Section 5 of the VRA represents the heart of this seminal civil rights law. It recognized the importance of detecting and redressing voting discrimination before that discrimination can infect the electoral process and cause potentially irreversible harm to voters and to democracy itself. Section 5 applied to state and local jurisdictions with a history of discrimination and required them to preclear voting changes to ensure the change neither intentionally or adversely impacted voters on account of race, color, or membership in a language minority group. Section 5 was successful in enabling the federal government to block proposed voting restrictions and ensured that changes to voting rules were public, transparent, and evaluated to protect voters against discrimination. 

The Voting Rights Act has commanded strong support from both political parties at every moment in time until now. In the decades after original passage of the VRA, Congress reauthorized Section 5 of the VRA on four separate occasions. Each time, the support from both Republican and Democratic parties was overwhelming. In 1982, for example, the Senate passed the bill by a vote of 85-8, and the House vote was 389-24. In 2006, when the VRA was last reauthorized, the Senate voted for reauthorization by a vote of 98-0 and the House voted for reauthorization by a vote of 390-33.

Each of the four reauthorizations of Section 5 of the VRA was signed into law by Republican presidents: President Richard Nixon in 1970; President Gerald Ford in 1975; President Ronald Reagan in 1982; and President George W. Bush in 2006. At the signing ceremony in 1982 attended by scores of civil rights leaders, President Reagan famously stated: ”The right to vote is the crown jewel of American liberties, and we will not see its luster diminished. This legislation proves our unbending commitment to voting rights. It also proves that differences can be settled in good will and good faith.”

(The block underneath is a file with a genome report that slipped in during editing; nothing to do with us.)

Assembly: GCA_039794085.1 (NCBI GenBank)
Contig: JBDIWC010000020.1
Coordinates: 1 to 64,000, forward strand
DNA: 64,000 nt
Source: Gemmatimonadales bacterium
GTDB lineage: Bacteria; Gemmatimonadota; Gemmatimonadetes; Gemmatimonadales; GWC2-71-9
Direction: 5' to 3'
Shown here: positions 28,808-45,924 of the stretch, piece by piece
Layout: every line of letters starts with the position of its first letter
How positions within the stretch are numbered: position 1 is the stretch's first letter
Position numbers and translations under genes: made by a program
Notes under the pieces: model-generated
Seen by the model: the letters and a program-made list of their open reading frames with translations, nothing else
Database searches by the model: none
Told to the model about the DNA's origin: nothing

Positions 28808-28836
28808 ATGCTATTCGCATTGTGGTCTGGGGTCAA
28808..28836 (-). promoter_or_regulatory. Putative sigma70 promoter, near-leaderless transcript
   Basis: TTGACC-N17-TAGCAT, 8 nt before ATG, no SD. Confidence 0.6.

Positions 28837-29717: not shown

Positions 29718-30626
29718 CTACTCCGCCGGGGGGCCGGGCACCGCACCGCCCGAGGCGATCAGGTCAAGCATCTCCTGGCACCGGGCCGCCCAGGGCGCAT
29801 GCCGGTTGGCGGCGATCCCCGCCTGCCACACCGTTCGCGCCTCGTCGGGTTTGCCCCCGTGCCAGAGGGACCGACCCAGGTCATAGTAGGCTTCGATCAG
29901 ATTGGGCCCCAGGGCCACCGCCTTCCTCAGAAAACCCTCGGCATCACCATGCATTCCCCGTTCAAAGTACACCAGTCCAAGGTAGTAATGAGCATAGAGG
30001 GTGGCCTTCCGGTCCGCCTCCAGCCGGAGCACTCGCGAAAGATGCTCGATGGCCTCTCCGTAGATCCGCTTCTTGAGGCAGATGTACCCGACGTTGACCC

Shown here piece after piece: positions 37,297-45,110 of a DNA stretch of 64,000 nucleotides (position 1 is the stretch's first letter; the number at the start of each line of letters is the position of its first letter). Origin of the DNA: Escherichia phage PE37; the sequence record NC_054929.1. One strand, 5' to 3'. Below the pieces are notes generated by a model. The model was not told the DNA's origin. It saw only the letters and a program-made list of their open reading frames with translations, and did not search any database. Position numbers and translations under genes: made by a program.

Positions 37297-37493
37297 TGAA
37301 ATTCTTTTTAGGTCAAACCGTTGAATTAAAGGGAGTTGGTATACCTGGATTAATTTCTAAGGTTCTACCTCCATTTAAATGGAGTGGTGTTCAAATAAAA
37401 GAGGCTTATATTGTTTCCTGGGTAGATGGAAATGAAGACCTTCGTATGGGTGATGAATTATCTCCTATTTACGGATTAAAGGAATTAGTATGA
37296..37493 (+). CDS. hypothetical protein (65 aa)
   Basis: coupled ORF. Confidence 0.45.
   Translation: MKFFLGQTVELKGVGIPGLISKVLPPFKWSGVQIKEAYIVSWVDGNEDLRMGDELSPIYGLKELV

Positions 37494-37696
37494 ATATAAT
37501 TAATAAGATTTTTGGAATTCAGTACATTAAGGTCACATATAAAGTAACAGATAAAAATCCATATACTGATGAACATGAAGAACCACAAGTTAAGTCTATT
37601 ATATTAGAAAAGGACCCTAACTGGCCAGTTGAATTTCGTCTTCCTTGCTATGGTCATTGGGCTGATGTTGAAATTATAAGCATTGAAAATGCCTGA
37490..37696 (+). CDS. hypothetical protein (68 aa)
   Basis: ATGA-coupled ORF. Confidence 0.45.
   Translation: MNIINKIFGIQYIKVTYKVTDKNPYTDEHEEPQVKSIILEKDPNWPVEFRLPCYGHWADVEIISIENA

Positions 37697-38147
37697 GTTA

Our democracy demands that same good will and good faith today. At a time when members of Congress should come together in the best interests of the people and the nation, they are instead tragically deepening a growing partisan divide. This is the moment when our leaders should unite and once again demonstrate our country’s steady and longstanding bipartisan commitment to voting rights. For example, 16 Republican senators currently serving in the Senate supported reauthorization of the VRA in 2006, either as senators or representatives. These senators include Minority Leader Mitch McConnell (R-KY), Ranking Member of the Senate Judiciary Committee Chuck Grassley (R-IA), and the former Chair of the Senate Judiciary Committee Lindsey Graham (R-SC). Other Republican senators withholding their support of our freedom to vote today include Marsha Blackburn (R-TN), Roy Blunt (R-MO), John Boozman (R-AR), Richard Burr (R-NC), Shelley Moore Capito (R-WV), Susan Collins (R-ME), John Cornyn (R-TX), Jim Inhofe (R-OK), Jerry Moran (R-KS), Lisa Murkowski (R-AK), Richard Shelby (R-AL), John Thune (R-SD), and Roger Wicker (R-MS). For reasons that can only be explained by raw partisanship, these 16 senators do not currently support the Freedom to Vote: John R. Lewis Act and refuse to allow the Senate to end debate on this legislation and take a final vote. That change in position — on the issue most fundamental to our democracy — is simply unconscionable.

“Current Conditions” of Voting Discrimination Require Congress to Respond Forcefully and Urgently